A few weeks ago, WOW (Women on Writing) contacted me about THE LYRE AND THE LAMBS- asking Traveling With T to consider a guest post option. When I heard about what the guest post title was- I laughed a bit- because NO matter your age- mothers and daughters have communication problems. While some are big deal bad, others are not as bad- but both can have a souring affect on the relationship. Sydney Avey has written a guest post that is a thinker. Enjoy!
Mothers and Daughters: Communication across the Generational Divide
By Sydney Avey
Much has been written about communication between genders. Men are from Mars, Women are from Venus comes to mind. Communicating across generations can be equally challenging. Soroptimist International put together a paper for their clubs that struggle to attract younger generations. They noted that for the first time in history four different generations co-exist in the workplace who all communicate in different ways. It is worth a read.
Novelists who write family sagas don’t have far to reach to create tension in a story. In addition to personality clashes between individual family members, each generation is wired differently. Your toddler picks up an electronic device and knows exactly what to do with it. She gives you a glimpse of a future where she and her generation alone will travel. Will you struggle to focus her attention on values passed down through the generations or help her prepare for a new world whose values you are unsure of? Likely you will do both.
My generation, the Boomers, were good at acquiring stuff; too good. Now we can’t give it away fast enough. It surprises us that many Gen-Xers have no use for our sets of china and silver, our treasured household goods. In a scene in The Sheep Walker’s Daughter, Dee faces a divide when she tries to pass down mementos from her mother Leora to her daughter Valerie:
“What’s all that stuff on the floor?” She surveys the altar of Leora’s memorabilia arranged like a miniature Stonehenge, a mute testimony to an unknown past.
It’s all stuff that belonged to your grandmother.” I’m suddenly finding it hard to talk about Leora in the past tense. “If there is anything there that you want…” I picture her stuffing the teal goose into her duffle bag and think better of my offer, “I can store it for you for when…” I don’t know how to finish that sentence. When you finish your degree? When you get a real job? When you get married? Anything I say will get me in trouble.
Dee is trying to figure out her past. Valerie is trying to negotiate her future. Dee lives in a world where women married and then tried to fit hopes and dreams into a husband’s world. Valerie lives in a world where women pursue goals, sometimes to the detriment of lasting relationships.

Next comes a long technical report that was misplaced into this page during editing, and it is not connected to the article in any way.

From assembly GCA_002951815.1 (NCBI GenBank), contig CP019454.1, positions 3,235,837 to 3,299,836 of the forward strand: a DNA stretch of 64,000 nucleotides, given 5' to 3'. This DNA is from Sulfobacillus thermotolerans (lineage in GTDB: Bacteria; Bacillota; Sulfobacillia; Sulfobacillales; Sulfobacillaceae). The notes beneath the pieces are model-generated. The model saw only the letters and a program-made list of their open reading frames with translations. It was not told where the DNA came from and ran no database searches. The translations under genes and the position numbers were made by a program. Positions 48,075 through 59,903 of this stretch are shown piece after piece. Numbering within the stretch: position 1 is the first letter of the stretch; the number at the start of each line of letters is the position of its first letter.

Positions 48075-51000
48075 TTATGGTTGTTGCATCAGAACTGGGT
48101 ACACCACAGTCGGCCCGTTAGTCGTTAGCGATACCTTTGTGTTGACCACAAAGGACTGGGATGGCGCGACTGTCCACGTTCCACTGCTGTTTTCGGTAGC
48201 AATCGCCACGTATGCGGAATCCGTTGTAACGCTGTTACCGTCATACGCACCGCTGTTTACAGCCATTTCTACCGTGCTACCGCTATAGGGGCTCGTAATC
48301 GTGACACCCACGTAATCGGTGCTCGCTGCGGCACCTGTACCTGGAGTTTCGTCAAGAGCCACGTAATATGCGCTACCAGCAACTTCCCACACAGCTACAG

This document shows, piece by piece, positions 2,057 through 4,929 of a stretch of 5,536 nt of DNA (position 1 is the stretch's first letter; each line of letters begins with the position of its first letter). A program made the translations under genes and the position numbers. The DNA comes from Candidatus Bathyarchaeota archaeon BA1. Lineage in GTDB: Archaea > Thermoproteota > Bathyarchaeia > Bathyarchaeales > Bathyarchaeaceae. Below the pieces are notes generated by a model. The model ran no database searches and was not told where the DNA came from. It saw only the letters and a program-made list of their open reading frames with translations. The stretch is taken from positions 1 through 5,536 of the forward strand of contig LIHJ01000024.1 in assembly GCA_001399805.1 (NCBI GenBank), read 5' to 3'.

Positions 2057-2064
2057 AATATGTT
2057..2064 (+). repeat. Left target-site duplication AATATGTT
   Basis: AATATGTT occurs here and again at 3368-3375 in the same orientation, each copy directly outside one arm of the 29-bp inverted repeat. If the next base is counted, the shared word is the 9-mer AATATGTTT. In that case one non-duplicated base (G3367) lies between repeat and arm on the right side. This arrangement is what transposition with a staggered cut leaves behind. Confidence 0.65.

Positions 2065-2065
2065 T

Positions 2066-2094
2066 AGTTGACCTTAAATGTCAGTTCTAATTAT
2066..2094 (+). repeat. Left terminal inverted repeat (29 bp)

I have asked myself why God set us in time and gave us generational boundaries. It seems like a setup for explosive confrontations. But as I worked with three generations of women in my novels I came to realize that friction produces growth and maturity. Mothers and daughters clash, but they learn from each other. Dee learned to bite her tongue, reserve judgment and appreciate her daughter’s many talents. Valerie learned that tradition plays a valuable role helping us understand who we are outside of our time.
In passing down our stories, generations speak to us from the past even as we speak our hopes and dreams into the future.
About the author:
Sydney Avey is an author of historical and women’s fiction set in California. The Lyre and the Lambs is the sequel to her first novel, The Sheep Walker’s Daughter, which won an honorable mention from the Center for Basque Studies (University of Nevada, Reno) in their Basque Literary Contest. Both novels were published by HopeSprings Books, a small publishing house that promotes realistic Christian fiction.
Sydney and a lifetime of experience writing news for non profits and corporations. Her work is has appeared in Epiphany, Foliate Oak, Forge, American Athenaeum, and Unstrung (published by Blue Guitar Magazine). She has a bachelor’s degree in English from the University of California, Berkeley and has studied writing at the Iowa Summer Writing Festival. She lives with her husband Joel the Sierra Nevada foothills of Yosemite, California, and the Sonoran Desert in Arizona.
Visit Sydney at www.sydneyavey.com and sign up to receive her monthly News for Readers and Writers.
*Special thanks to Wow (Women on Writing) for contacting me about this guest post and triple thanks to Sydney Avey for writing a “thinker” post.
Happy Reading and Bookishly Yours,
T @ Traveling With T